An ongoing conundrum among equity strategists for the last couple of years has been the valuation of stocks. Historically an S&P 500 PE in the high teens would be a warning signal. The Bulls counter that with interest rates so low the lofty valuations are justified. Came across some comments from Jesse Felder on this topic and he pointed to an indicator Warren Buffet began using more than 20 years ago.
According to Jesse, Warren takes the total valuation of stocks compared to GDP and is able to forecast a rate of return for equities over the next decade. The relationship between the projected returns and actual returns tracks pretty well as the chart below reveals. The current forecast for the next decade is that stocks will basically return bupkus. If this prediction is accurate, tactical/dynamic strategies should outperform the Buy and Hold crowd. Hard to imagine buying a 10 Year Treasury today at 1.6% would outperform equities. Finding consistent growing dividend payers is another strategy, the problem there is you will probably have to pay up for them.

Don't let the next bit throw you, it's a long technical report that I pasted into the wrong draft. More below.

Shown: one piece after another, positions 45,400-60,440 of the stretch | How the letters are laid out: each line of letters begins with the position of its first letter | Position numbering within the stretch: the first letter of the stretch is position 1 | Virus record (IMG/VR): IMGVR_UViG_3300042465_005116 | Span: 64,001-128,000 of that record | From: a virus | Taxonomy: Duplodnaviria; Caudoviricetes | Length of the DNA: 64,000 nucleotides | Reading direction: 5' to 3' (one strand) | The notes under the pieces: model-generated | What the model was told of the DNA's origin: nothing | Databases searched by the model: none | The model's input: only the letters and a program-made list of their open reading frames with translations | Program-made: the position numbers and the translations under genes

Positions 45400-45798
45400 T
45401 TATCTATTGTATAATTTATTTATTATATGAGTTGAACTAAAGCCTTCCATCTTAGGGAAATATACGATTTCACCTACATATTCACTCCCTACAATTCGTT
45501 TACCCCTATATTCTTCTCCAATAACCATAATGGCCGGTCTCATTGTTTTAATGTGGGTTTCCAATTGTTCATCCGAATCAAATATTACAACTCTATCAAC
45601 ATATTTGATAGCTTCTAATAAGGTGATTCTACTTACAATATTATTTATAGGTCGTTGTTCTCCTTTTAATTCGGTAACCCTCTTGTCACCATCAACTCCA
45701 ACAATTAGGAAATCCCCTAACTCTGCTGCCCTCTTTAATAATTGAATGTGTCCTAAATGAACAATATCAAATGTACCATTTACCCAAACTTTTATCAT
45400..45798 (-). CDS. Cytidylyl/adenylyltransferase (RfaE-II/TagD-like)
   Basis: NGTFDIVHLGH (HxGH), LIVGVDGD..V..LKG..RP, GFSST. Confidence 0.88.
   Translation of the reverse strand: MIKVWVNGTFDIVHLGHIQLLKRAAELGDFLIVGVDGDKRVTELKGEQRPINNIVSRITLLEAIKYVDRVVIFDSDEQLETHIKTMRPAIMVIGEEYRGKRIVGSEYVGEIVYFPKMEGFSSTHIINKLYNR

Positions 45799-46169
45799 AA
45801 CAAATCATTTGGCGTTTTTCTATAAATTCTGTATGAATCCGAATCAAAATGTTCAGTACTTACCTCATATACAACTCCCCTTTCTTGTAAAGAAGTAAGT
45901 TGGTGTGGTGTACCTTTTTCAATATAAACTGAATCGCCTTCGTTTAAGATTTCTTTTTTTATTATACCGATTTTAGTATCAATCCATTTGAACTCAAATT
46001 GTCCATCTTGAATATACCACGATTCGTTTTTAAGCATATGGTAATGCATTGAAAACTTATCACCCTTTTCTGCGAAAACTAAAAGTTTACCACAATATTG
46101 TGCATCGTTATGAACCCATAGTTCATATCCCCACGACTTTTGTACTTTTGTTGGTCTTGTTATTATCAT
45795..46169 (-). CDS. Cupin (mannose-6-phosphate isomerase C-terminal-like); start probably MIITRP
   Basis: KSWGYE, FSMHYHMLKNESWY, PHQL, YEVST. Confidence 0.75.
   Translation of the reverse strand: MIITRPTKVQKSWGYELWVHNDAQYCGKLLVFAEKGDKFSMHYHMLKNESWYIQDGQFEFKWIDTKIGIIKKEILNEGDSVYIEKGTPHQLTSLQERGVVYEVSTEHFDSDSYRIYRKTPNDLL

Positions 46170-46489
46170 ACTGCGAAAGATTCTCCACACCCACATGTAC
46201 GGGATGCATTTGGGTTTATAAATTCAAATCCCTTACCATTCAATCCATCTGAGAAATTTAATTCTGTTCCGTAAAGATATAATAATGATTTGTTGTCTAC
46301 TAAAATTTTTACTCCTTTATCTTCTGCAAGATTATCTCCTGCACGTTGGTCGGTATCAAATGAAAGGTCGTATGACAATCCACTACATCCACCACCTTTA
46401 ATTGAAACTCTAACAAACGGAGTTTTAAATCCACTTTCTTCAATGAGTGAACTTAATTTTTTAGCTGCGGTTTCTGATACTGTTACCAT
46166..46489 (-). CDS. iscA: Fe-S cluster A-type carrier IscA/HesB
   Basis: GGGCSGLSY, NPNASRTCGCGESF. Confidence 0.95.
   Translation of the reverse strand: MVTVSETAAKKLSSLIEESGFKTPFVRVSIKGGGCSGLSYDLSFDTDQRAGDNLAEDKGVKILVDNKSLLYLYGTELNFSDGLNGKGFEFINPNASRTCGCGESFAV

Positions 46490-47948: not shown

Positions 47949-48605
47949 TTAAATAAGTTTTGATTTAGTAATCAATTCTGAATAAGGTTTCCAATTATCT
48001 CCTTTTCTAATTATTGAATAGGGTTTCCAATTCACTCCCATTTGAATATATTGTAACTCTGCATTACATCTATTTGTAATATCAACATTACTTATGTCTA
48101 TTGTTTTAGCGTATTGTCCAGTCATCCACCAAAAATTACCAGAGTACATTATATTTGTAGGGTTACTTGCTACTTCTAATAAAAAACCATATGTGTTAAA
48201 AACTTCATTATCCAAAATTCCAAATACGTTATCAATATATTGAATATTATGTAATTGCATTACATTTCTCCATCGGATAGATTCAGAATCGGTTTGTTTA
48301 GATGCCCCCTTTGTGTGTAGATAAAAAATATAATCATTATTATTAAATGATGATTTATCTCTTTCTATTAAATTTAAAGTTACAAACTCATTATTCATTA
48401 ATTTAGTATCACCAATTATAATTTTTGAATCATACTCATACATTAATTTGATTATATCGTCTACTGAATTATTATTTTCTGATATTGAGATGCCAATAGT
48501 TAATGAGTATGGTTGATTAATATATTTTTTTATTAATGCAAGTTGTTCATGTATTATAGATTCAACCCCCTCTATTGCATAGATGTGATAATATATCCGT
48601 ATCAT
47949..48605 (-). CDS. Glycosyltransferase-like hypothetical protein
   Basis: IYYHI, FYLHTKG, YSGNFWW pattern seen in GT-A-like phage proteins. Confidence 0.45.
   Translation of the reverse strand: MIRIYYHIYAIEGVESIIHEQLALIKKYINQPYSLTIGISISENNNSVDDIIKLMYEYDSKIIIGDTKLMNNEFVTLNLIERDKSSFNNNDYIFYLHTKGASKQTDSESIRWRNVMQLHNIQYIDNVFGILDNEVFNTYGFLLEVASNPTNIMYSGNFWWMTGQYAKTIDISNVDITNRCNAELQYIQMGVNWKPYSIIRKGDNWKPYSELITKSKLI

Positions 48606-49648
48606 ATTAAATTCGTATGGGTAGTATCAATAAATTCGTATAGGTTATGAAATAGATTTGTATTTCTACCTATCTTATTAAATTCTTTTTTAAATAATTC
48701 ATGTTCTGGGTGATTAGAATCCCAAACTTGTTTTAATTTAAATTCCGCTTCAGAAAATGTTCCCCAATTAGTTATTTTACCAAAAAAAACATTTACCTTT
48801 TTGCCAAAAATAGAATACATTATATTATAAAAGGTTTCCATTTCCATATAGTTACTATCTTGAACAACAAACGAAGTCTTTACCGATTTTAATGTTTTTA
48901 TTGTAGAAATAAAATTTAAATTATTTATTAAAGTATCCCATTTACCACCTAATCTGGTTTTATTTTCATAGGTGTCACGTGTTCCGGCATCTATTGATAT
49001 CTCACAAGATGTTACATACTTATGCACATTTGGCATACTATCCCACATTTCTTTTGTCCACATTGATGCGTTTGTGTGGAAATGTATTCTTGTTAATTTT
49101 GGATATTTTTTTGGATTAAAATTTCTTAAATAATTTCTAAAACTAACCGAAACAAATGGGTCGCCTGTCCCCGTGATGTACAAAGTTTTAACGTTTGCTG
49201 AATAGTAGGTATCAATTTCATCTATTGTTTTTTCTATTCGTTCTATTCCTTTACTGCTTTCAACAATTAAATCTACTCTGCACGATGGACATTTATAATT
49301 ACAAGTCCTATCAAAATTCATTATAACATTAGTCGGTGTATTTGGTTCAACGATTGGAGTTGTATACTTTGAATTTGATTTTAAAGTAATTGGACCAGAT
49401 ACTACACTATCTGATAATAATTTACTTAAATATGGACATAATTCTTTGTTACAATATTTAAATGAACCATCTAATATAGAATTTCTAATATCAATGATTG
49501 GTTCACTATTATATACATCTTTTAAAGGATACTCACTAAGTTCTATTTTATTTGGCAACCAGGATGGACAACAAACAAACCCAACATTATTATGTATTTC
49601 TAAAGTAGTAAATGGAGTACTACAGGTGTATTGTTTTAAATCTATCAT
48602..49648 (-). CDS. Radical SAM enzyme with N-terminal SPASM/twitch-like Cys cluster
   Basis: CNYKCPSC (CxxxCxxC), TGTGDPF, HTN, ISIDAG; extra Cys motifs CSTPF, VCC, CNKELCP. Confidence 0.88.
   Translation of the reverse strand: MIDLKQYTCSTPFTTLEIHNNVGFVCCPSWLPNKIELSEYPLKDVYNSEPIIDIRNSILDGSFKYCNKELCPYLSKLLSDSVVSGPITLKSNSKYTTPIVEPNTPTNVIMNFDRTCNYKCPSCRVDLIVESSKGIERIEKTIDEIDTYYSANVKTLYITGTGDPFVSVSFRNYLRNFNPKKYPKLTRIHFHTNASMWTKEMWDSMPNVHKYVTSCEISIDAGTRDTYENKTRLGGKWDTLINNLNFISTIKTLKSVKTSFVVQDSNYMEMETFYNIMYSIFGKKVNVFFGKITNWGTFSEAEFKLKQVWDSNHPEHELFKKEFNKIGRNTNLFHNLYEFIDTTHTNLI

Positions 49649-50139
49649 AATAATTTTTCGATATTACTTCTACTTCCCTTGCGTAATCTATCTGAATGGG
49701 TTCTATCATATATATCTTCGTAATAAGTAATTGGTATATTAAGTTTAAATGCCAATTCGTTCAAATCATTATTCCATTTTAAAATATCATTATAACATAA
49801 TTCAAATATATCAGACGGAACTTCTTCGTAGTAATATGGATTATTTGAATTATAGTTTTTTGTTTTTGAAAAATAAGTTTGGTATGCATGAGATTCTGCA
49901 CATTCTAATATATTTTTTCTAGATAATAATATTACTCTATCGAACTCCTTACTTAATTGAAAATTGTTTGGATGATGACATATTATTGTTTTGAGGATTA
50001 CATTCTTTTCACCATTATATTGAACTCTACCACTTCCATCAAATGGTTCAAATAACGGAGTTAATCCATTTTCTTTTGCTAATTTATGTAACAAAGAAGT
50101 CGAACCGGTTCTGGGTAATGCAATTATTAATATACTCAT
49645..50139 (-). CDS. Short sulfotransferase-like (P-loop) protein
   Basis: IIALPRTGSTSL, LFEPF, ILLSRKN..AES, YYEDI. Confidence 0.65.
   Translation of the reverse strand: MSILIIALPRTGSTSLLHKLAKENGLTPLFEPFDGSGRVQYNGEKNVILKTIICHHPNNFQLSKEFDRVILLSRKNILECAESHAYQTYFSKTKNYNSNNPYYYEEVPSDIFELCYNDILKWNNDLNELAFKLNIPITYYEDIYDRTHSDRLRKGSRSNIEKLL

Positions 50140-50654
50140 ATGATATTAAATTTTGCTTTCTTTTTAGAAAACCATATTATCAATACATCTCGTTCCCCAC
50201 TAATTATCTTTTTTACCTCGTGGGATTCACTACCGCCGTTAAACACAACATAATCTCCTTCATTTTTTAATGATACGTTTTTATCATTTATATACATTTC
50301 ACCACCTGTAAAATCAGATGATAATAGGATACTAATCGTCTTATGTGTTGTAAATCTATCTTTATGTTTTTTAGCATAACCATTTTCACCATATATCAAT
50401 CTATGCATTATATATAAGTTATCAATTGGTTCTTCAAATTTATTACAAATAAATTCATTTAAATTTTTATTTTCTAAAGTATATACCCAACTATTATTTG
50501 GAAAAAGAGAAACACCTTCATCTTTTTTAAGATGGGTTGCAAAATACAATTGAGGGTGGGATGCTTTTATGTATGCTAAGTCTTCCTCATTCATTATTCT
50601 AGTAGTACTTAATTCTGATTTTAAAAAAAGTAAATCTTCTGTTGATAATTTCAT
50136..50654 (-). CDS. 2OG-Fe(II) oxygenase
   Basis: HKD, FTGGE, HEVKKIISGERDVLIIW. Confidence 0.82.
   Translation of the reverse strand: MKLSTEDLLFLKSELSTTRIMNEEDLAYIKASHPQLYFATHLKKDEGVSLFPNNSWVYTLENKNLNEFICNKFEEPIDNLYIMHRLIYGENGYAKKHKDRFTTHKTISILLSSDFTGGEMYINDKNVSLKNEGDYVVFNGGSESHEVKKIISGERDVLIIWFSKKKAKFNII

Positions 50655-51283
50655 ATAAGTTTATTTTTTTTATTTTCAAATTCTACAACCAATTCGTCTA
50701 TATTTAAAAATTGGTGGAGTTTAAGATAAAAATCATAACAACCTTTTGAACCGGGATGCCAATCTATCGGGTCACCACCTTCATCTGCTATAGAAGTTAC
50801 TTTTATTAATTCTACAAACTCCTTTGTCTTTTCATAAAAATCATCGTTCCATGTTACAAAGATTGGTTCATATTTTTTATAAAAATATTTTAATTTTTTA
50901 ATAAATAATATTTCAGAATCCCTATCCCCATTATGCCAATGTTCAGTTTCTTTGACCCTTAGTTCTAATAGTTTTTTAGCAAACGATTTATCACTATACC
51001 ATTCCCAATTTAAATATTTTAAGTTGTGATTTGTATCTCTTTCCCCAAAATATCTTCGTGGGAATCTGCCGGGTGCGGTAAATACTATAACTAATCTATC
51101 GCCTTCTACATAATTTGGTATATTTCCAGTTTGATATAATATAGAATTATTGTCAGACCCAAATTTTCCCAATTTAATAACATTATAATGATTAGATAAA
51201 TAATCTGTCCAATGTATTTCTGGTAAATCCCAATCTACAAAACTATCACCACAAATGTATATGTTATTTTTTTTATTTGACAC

A potentially sobering parallel is the Japanese Nikkei which currently resides around 17,000. The sobering part is that the index touched 17,000 for the first time in June of 1986! Thirty years of equity stagnation, it can happen.